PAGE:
THE KEY TO
University of Idaho
What is self-confidence?
True Self-Confidence – is a realistic belief
or expectation of achieving success.
not what you hope to do but what you
realistically expect to do
not what you tell others but your innermost
thoughts about your realistic capabilities,
not pride in past deeds but a realistic
judgment about what you are able to do
Self-efficacy – is a realistic belief or expectation
about achieving success on a specific task in a
For example, “I can pole vault 16’6” in this
meet.” or “I will hit this game-winning shot.”
Self-efficacy is least impacted by personality
because it is highly specific, unstable and based
on situational factors such as task difficulty,
preparation, recent successes/failures and
TYPES OF CONFIDENCE
Confidence is developed “bottom up. Athletes should attempt
to enhance self-efficacy by accumulating success
experiences in specific situations.
Next, as self-efficacy experiences increase , state self-
Finally, an accumulation of state self-confidence experiences
eventually boosts trait self-confidence.
For example, an athlete may have high self-efficacy of
rebounding well in an upcoming game but be worried about
her ability to play good defense on the opponent’s star
Making some good stops increases defensive self-efficacy
during the game. A strong overall defensive game enhances
state self confidence to play well overall in the next game,
while 6 good games in a row boosts trait basketball self
Global Level Self-Esteem
Domain Level Physical Mental Social Artistic
Sport Physical Physical
Level Competence Body Strength Condition
Mahoney & Avener (1976) 1976 Olympic
qualifiers were more confident than
Feltz’ (1988) review found moderate to
strong relationships between confidence
and performance (i.e., mean r = .54).
Research finds a reciprocal relationship
between self-confidence and
lowers anxiety by creating positive
expectations of success,
increases motivation by raising perceived
enhances concentration by eliminating
distraction from negative thoughts and
What are the three types
Diffidence Optimal SC Overconfidence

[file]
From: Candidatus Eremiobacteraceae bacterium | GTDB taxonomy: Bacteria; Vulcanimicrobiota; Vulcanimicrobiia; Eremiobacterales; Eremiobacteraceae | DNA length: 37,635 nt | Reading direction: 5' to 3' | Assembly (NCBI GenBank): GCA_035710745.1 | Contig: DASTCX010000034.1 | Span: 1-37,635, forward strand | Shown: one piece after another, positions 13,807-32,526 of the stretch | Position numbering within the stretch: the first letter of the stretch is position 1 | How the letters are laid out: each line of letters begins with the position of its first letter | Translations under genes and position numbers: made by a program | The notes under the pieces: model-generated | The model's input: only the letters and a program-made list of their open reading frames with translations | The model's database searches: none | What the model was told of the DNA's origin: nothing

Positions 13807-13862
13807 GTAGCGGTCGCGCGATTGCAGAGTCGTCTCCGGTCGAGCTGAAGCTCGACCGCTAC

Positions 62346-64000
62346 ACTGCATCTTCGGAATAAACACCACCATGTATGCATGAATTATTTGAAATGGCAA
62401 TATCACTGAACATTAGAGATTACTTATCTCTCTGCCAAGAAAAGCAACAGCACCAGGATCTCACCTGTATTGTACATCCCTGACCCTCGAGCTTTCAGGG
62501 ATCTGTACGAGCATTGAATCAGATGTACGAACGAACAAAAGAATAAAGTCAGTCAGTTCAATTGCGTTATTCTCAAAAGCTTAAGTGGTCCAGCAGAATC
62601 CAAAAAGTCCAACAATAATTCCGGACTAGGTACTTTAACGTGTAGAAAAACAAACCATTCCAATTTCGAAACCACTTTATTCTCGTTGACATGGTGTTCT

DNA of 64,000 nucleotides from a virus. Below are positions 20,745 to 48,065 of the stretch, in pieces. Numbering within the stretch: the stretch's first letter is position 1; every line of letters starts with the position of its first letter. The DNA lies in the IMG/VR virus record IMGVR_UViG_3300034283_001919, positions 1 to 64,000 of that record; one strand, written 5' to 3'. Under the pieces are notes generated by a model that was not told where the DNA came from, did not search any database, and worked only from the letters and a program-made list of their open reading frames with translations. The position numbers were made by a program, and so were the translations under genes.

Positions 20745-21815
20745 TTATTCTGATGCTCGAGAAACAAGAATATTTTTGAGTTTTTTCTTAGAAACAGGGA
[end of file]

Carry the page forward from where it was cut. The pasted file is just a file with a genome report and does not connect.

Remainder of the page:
Competence -- possess the knowledge,
strategies, skills and abilities necessary
Preparation – sufficiently prepared so
you can successfully perform those skills
and strategies in a particular competitive
1984 upset of Georgetown in the
NCAA Championship Game.
DIFFIDENT ATHLETES . . .
confuse “what is” with what they “wish would
be” or with what “ought to be,”
see themselves as losers and act accordingly,
mistakes devastate their competence,
self doubts fuel self-fulfilling prophecies that
create a vicious negative spiral,
focus on their shortcomings and overlook their
are underachievers whose confidence limits
inflated confidence, and
People who believe they are better than they
really are and have an inflated opinion of
themselves and their skills.
They overestimate their abilities while
underestimating their opponents’ skills.
Pampering from parents/coaches, playing weak
competition, and excessive media hype are its
Often they are competent but don’t prepare
act confident on the outside but inside
fear failure and are really diffident,
pretend to be brash, cocky and arrogant,
difficulty admitting errors and filled with
difficult to coach because they won’t
accept responsibility for mistakes, and
normally prepare hard but lack the
competence to be successful.
What is the difference
and outcome confidence?
Performance Confidence – performers’
belief that they can execute the skills and
strategies necessary to perform well and